Today, curling is an international Olympic sport played by more
than two million people in thirty nations, but its ancestral homeland
is Scotland. Curling dates back to before the 16th century, when
it was first mentioned in Scottish records. In 1838, Edinburgh's
Royal Caledonian Curling Club (RCCC) was established and the rules
for play standardized. During the 20th century, curling increasingly
became an indoor sport as ice rinks were built throughout Scotland.
Curling is played on a sheet - a lane of ice 46 yards long and
14 yards wide. At each end of the sheet, a house of concentric circles
is painted around a center button. The goal of the game is to slide
the curling stone as close as possible to the button. A curling
team consists of four players, who deliver (slide) two stones each
in alternate turns with the opposing team. When all sixteen stones
are delivered, it constitutes an end. Matches have 10 and sometimes
12 ends. Each stone that winds up within the house and closer to
the button than the other team's stone scores a point. The team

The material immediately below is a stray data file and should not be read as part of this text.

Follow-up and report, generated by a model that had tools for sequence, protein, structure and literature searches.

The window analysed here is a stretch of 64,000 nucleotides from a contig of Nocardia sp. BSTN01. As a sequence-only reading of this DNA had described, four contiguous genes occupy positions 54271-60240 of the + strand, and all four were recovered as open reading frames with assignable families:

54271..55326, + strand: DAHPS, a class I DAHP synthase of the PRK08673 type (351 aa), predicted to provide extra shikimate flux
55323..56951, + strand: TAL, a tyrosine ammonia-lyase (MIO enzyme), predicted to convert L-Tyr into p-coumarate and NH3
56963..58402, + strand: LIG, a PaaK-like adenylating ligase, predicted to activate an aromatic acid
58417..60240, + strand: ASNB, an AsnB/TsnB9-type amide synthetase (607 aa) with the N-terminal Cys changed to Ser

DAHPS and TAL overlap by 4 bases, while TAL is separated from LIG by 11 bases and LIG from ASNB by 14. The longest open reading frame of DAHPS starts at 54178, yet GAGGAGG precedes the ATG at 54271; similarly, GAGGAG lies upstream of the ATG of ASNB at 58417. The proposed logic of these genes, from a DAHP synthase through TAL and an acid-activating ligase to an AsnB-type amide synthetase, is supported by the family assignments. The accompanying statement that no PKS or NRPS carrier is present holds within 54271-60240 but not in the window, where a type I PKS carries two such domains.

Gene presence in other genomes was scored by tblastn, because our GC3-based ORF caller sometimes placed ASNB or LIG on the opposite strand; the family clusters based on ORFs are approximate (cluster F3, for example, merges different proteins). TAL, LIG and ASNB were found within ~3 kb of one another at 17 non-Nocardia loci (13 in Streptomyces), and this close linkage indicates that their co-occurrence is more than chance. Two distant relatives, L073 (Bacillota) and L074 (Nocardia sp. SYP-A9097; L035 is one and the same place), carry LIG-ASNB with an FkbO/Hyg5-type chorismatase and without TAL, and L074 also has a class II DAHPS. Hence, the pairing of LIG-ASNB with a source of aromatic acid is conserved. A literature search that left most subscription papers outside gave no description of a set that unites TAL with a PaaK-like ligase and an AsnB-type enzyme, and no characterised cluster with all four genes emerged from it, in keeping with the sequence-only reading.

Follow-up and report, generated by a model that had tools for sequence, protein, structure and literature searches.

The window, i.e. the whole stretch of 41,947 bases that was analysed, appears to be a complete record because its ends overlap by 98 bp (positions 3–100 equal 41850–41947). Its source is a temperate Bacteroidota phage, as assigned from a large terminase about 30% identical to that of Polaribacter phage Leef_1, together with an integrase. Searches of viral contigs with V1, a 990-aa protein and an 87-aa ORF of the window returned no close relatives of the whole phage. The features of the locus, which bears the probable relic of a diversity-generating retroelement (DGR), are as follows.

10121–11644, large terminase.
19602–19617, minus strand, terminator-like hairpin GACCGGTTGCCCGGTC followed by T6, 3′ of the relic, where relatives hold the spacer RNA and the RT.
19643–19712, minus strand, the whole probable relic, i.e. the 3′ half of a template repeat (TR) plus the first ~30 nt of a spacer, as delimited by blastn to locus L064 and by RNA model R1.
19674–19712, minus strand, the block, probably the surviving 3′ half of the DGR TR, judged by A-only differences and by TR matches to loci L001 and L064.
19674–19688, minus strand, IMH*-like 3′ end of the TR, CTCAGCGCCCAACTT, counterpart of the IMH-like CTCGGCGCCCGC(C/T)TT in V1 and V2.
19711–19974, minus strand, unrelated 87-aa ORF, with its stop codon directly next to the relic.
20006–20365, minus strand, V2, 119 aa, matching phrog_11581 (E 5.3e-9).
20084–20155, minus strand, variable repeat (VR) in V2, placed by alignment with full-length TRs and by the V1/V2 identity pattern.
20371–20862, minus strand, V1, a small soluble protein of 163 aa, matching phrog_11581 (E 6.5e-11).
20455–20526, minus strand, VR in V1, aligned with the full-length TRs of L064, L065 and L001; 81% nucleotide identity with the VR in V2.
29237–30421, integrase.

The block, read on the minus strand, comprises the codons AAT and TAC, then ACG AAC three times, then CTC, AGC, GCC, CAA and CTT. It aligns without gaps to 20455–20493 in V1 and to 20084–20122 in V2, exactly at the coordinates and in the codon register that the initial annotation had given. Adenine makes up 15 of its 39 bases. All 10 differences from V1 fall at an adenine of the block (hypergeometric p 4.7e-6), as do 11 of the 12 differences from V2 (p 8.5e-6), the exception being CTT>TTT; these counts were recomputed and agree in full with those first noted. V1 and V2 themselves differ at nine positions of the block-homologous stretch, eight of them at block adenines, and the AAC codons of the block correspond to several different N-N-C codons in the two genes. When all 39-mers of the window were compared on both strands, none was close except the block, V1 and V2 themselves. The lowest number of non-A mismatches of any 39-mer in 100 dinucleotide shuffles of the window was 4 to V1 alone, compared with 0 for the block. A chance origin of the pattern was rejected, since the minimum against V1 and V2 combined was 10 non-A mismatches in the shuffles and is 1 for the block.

with the most points after 10 or 12 ends wins the match.
Teams are led by a captain or skip. Players are helped by teammates
who use brushes to sweep the ice in front of a sliding stone to
make it go further or change its direction. Sweeping can lengthen
a delivery by as much as 10 feet.
Curling is played by thousands of Scots, who flock to indoor clubs
throughout Scotland. In years when the weather permits, the Bonspiel
- an outdoor match between Highland and Lowland Scotland -- is organized
on the Lake of Menteith near Aberfoyle. In 1998, curling became
an Olympic sport at the Winter Games in Nagano, Japan. And in 2002,
Scotland rejoiced when skip Rhona Martin led the Scottish Women's
Curling Team to an Olympic Gold Medal in Salt Lake City.